we had great data reductions there. I would also recommend you upgrade your
monitoring cluster to ES 1.2.0 released yesterday. From my measurements it
saves around 30%

Cheers,
Boaz

On Thursday, May 22, 2014 7:36:06 PM UTC+2, Logan Hardy wrote:

Just a follow up on my results with this. I was able t get the daily
marvel index down from hundreds of GBs per day replicated to about 22GB per
day by setting replicas to 0 on the marvel index and marvel.agent.interval:
to 30s.

I also noticed that after upgrading my production Elasticsearch cluster
from 0.90.12 to 1.1.1 (now the same version as the monitoring cluster) the
daily marvel index went down to around 2GB per day. Hooray!

-Logan-

On Saturday, May 3, 2014 6:00:51 PM UTC-6, Logan Hardy wrote:

Thanks Mark. I'm aware of the licensing and have been in contact with
Elasticsearch about this. I just need to make sure we can use Marvel with
our two monitoring nodes before we commit to buying licenses. I'm
disinclined to use Marvel if I have to buy licenses and buy a bunch
additional monitoring machines. I really like Marvel but if I can't make it
work for a reasonable price I think I go back to using SPM.

On Wednesday, April 30, 2014 5:39:47 PM UTC-6, Mark Walkom wrote:

That's pretty sane. I believe the newest version of marvel increased the
default from 5s to 10s.

But be aware, you are breaking the license for Marvel with that number
of nodes - http://www.elasticsearch.org/overview/marvel/

Regards,
Mark Walkom

Infrastructure Engineer
Campaign Monitor
email: ma...@campaignmonitor.com
web: www.campaignmonitor.com

On 1 May 2014 06:52, Logan Hardy logan...@gmail.com wrote:

I'm managing a pretty badass 11 node Elasticsearch cluster that is
powering a customer facing dashboard reporting platform. 20 cores per node,
64GB RAM, SSDs, Dual 10 GbE of awesome. I evaluated Marvel while we were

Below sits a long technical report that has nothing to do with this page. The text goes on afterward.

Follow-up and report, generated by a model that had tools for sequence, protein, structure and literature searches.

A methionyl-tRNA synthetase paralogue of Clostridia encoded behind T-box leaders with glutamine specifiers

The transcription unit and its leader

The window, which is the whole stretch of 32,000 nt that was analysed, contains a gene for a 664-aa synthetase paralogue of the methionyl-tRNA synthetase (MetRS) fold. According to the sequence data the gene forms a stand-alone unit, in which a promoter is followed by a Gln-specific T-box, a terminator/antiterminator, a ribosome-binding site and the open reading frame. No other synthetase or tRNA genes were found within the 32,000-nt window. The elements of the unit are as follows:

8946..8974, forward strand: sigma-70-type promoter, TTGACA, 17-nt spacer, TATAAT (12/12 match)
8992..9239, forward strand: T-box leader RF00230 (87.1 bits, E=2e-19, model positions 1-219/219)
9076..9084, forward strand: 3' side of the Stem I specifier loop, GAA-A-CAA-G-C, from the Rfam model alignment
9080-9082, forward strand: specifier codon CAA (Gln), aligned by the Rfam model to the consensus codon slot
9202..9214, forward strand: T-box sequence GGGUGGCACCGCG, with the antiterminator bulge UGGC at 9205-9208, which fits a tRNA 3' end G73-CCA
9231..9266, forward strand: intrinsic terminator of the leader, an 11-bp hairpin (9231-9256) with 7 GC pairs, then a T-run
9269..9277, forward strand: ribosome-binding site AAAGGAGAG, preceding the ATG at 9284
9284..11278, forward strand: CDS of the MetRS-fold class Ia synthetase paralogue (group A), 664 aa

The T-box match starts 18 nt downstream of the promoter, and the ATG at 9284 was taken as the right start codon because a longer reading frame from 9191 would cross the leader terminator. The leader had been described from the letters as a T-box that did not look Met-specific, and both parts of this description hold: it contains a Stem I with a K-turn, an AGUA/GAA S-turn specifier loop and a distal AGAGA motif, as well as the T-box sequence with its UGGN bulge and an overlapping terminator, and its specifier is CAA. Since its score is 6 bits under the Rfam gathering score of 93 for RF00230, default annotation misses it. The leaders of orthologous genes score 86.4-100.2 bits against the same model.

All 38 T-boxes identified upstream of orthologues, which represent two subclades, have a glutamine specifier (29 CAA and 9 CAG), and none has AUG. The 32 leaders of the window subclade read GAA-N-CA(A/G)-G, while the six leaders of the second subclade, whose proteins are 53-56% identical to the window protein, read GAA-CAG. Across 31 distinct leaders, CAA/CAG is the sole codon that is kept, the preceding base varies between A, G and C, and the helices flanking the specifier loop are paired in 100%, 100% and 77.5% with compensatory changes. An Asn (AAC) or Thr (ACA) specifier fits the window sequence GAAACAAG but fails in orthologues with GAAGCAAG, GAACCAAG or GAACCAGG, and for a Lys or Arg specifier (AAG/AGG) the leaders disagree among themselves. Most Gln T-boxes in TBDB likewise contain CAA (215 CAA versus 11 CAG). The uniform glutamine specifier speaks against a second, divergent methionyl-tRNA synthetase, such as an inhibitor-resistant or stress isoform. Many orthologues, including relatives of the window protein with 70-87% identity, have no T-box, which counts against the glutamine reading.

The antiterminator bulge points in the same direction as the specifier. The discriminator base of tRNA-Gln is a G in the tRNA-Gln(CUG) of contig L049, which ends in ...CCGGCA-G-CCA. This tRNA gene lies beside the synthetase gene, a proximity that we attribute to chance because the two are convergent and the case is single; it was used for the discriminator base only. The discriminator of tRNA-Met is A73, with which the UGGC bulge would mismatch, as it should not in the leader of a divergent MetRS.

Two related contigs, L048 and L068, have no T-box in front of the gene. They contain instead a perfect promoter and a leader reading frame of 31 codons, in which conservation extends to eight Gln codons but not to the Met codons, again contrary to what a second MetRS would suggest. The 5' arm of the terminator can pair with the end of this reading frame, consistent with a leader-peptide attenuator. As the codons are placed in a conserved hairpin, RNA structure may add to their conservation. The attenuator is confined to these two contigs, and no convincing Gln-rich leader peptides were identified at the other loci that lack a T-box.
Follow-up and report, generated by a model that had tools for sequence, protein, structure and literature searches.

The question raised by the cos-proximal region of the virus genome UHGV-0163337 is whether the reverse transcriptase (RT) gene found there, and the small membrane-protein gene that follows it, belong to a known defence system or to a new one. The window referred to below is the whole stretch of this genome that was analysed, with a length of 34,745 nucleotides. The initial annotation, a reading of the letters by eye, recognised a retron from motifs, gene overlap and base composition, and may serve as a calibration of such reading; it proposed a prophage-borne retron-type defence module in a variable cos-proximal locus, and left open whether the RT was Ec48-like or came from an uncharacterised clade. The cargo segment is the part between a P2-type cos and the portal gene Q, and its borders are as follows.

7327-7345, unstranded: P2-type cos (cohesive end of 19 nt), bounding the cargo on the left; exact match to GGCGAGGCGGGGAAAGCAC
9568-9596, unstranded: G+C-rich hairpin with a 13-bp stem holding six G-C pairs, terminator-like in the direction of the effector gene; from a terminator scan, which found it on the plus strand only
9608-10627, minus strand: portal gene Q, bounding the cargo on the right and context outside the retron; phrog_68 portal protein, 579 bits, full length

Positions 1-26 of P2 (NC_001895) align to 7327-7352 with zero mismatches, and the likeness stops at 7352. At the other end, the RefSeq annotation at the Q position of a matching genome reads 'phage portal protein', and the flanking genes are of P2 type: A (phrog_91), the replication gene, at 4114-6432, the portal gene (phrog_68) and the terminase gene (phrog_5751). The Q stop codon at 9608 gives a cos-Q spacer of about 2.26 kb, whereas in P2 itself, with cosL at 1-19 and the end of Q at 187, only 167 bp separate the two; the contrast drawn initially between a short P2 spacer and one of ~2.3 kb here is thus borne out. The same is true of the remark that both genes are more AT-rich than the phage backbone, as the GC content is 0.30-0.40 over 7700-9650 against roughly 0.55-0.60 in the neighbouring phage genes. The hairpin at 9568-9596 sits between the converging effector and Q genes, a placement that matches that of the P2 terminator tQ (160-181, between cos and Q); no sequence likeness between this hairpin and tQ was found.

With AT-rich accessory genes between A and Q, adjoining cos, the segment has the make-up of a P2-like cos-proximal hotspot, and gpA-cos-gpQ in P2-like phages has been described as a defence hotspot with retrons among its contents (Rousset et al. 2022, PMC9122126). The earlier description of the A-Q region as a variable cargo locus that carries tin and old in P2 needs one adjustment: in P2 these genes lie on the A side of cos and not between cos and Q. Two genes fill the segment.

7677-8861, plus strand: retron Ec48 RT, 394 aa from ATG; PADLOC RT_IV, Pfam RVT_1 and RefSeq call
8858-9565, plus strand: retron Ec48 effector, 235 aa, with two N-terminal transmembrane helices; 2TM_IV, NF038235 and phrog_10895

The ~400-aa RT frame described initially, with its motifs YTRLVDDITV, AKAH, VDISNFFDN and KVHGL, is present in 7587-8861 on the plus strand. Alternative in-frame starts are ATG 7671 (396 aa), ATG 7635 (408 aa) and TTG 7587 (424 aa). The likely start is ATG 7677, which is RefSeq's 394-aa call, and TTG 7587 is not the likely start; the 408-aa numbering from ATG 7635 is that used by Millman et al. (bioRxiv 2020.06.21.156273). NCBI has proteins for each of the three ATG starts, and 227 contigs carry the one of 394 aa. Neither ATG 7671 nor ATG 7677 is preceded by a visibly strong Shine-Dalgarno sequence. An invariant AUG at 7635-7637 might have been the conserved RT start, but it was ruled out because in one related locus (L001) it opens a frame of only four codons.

still in development on the new platform and I found it to be a very
valuable tool. At first Marvel was indexing to the same cluster we were
monitoring and this was okay while we were in development as there were
plenty of extra cycles in the cluster to handle the load but now that we
are in production it doesn't make sense to burden the cluster with this.
The nature of our reporting system requires us to to have an index for each
customer so we're currently at 328 indexes and over 10,000 shards total.
The amount of data indexed by Marvel increases dramatically as the number
of indices increases so once we got over 300 indices in the system the
daily marvel index ended up at around 400 GB replicated and was indexing
around 2,000 documents a second by itself.

What I want to do is have Marvel index to a not as awesome 2 node
Elasticsearch monitoring cluster. 12 cores, 64 GB RAM and spinning disks.
But in practice these 2 nodes are unable to keep up with the load and get
completely bogged down. I'm thinking I can sacrifice redundancy and buy
myself some cycles by not using any replicas on the Marvel index. My other
idea is to set marvel.agent.interval from the default 10s to something like
30s on the assumption that this will cut the amount of data generated by a
third. Does this sound sane or do you have anyone have other ideas on what
I can try to limited the load?

marvel.agent.interval

Controls the interval between data samples. Defaults to 10s. Set to -1 to
temporarily disable exporting.

This setting is update-able via the Cluster Update Settings API.

Thanks -Logan-

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(system) #6